Thursday, November 24, 2016

Recipes and Radio: Cooking with Don Ameche & Elgin Watch (Thanksgiving Old Time Radio)

My sixth entry of Recipes and Radio in honor of Thanksgiving.  This has been fun to work on, I hope you have enjoyed it.  First, the recipe for a side I have not made in a number of years -  Holiday Red Cabbage and Chestnuts.

Holiday Red Cabbage and Chestnuts

Red cabbage and chestnuts is a recipe I got from my mom.  This is really an old family recipe that we have had forever.  I did not like it so much as a kid, but I loved it the last time I made it - but it is not a dish that everyone loved. Please note that this recipe makes a ton - freeze part of it since you will never eat it all.  Click here for the recipe.

And now the radio show!  This is one of my all-time favorites.  Because it is a two hour program, it is never on Greg Bell's Old time radio channel on Sirius/XM Radio (#148).  But this is simply one of the best recording we have from the Golden Age of Radio.

One of the really cool shows I discovered a few years ago are the Elgin Seasonal Specials for Thanksgiving and Christmas in the 1940s. The shows were sponsored by the Elgin Watch Company of Elgin, Illinois. Starting in 1942 for the soldiers overseas, the Elgin Holiday Specials were two hour programs that featured the brightest stars in radio and the movies. Heard on these programs is Bing Crosby, Mario Landa, Jimmy Durante, Bob Hope and were all hosted by Don Ameche. These shows are a combination of songs, skits and other performances that capture the best of radio.  The Internet Archives has five total shows (see the link below). Also, given that the program runs 2 hours, Greg Bell does not schedule them on Radio Classics.  So that means if we are going to listen to these great programs, we need to be a bit more proactive!

 Here is a link right to the two Elgin Thanksgiving Holiday Shows on the Internet Archive:

Elgin's 6th Annual Thanksgiving Show (November 27, 1947)
Elgin Thanksgiving Day Greeting To America. November 27, 1947. CBS net, KQW, San Jose aircheck. Sponsored by: Elgin Watches. "The Sixth Annual Elgin Thanksgiving Day Greeting To America." The first tune is, "It's A Grand Night For Singing." Jimmy Durante and Garry Moore perform together for the first time "since getting shows of their own." "News Scoops From Hollywood," Candy Candido appears as "Mr. Ripple." Fifteen-year-old Mary Jane Smith sings. Sir Lancelot sings a calypso watch commercial! Larry Storch does impersonations. Margaret Whiting and Vera Vague join Jimmy Durante singing a clever original parody about a possible woman president (to the tune of "Feudin', Fightin' and Fussin'"). The Page Cavanaugh Trio sings a delightful Elgin commercial to the tune of, "The Lady From Twentynine Palms." Bob Sweeney and Hal March drive to the studio (don't ask them what an "Oh, For Goodness Sakes" sandwich is). The winners of the SPEBQSA competition sing barbershop harmonies. Yehudi Menuhin plays "Habanera" by Sarasate (accompanied by his sister on the violin). He then plays a duet with another violinist...Jack Benny! Artie Auerbach does an Elgin commercial as, "Mr. Kitzel. Cathy and Elliott Lewis are featured in a well-written story about a housewife's last day. Good radio! "A Child's Thanksgiving" features Red Skelton as, "Junior, The Mean Widdle Kid." After he says grace, Clem Kaddiddlehopper finds himself in one of the Elgin watch commercials! Allan Jones, Louis Silvers and His Orchestra, Jimmy Durante, Garry Moore, Candy Candido, Mary Jane Smith, Sir Lancelot, Larry Storch, Margaret Whiting, Barbara Jo Allen, The Page Cavanaugh Trio, Al Viola, Bob Sweeney, Don Ameche (host), Ken Carpenter (announcer), Hal March, The Doctors Of Harmony, Yehudi Menuhin, Jack Benny, Artie Auerbach, Betty Wright (writer), Cathy Lewis, Elliott Lewis, Red Skelton, Verna Felton, Lurene Tuttle, Pat McGeehan. 1:59:31. Audio condition: Excellent. Complete. (Line-up from the Radio GOLDINdex)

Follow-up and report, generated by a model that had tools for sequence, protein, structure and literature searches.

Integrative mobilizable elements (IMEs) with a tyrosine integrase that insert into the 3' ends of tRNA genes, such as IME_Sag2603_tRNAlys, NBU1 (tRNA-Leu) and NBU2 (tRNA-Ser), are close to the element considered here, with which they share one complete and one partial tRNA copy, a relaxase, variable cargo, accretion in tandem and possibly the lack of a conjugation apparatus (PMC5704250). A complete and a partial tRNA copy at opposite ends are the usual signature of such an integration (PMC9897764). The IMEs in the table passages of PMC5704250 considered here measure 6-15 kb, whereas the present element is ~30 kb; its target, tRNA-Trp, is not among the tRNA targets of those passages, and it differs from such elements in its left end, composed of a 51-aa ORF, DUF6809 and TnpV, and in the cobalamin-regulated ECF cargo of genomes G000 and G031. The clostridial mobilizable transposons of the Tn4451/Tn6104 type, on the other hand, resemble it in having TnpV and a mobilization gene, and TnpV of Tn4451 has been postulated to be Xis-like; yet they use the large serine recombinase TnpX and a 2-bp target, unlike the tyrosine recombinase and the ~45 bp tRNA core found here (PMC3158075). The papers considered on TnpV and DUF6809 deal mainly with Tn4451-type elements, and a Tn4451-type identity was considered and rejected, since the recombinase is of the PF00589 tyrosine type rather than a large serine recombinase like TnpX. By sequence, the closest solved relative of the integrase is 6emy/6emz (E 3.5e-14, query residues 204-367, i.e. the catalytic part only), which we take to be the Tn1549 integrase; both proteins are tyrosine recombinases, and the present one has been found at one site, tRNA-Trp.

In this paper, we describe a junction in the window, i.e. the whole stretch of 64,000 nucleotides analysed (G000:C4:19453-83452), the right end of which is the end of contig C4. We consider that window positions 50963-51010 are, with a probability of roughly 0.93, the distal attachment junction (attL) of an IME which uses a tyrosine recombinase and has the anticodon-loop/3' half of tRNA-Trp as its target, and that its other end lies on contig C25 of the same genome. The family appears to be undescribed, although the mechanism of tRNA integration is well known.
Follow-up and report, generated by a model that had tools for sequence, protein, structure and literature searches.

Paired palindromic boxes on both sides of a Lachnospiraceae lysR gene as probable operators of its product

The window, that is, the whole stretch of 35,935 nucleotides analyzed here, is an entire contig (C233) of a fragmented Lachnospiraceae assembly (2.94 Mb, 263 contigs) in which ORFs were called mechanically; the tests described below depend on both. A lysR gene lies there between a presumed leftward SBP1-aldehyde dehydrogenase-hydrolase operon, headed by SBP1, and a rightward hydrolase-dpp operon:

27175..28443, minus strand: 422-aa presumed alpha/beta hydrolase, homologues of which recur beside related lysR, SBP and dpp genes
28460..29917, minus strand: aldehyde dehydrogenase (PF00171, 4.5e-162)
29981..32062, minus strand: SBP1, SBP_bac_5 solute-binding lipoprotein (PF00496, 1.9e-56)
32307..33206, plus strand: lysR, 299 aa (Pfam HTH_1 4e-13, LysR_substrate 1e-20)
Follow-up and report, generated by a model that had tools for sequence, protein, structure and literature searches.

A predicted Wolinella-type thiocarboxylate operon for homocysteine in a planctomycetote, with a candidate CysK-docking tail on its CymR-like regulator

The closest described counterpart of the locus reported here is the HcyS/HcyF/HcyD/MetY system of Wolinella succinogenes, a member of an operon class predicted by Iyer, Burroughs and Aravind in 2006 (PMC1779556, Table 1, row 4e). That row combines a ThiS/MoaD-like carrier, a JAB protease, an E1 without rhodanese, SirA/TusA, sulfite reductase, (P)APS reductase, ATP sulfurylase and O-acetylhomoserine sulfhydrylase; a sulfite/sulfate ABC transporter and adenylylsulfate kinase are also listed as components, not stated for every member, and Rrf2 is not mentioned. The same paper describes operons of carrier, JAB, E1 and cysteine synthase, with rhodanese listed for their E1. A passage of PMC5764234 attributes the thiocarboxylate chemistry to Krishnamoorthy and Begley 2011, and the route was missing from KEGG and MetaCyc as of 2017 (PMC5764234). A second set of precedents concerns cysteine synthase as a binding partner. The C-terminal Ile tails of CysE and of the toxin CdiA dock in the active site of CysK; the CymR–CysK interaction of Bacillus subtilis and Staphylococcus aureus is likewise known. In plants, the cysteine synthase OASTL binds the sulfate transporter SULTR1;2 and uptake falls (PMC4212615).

In the review from Variety (December 3, 1947), they said:

Twice a year - Thanksgiving and Christmas - CBS, through the good graces of Elgin Watch Co., wraps up a good chuck of the talent market for the brace of two-hour holiday air shows that have been taking on something of an institutional character.  
They vary but little in format and showcasing of topflight air talent-even down to the year-in-year out emcee reprise by Don Ameche - but it's becoming as habit-forming as the traditional Turkey Day dinner.  And in terms of brightening up the late afternoon holiday kilocycles, it still rates the No. 1 spot for its relaxing payoff as a stuffed-belly antidote. 

Elgin's 7th Annual Thanksgiving Show (November 25, 1948)
Elgin Thanksgiving Day Greeting To America. November 25, 1948. NBC net. Sponsored by: Elgin Watches. "The seventh Annual Thanksgiving Day Greeting To America." The first tune is, "Cosi, Cosa." Dean Martin is introduced as a promising "newcomer" and "a star of tomorrow." Don Ameche (host), Mario Lanza, Garry Moore, Jimmy Durante, The Mills Brothers, Barbara Jo Allen (as "Vera Vague"), Andre Previn, Bob Hopkins, Jack Benny, Frances Langford, Dean Martin, Jerry Lewis, Red Skelton, The Elgin Orchestra, Robert Armbruster (conductor), Ken Carpenter (announcer), Earl Levy (producer), John Christ (producer), Ed Helwig (writing supervisor), Frank Nelson, Artie Auerbach, Lurene Tuttle, Verna Felton. 1:58:54. Audio condition: Very good to excellent. Complete. (Line-up from the Radio GOLDINdex)
In the review from Variety (December 1, 1948), they said:

Switching networks after six straight years with CBS, Elgin splurged its annual Thanksgiving Day layout on NBC this year, but otherwise maintained the trappings traditionally associated with this show.  Foremost among this show's traditions is its corralling of the best-known and highest-priced talent available to serve up as dessert to the nation's turkey diners.  This year is was still a dazzling array by all normal standards.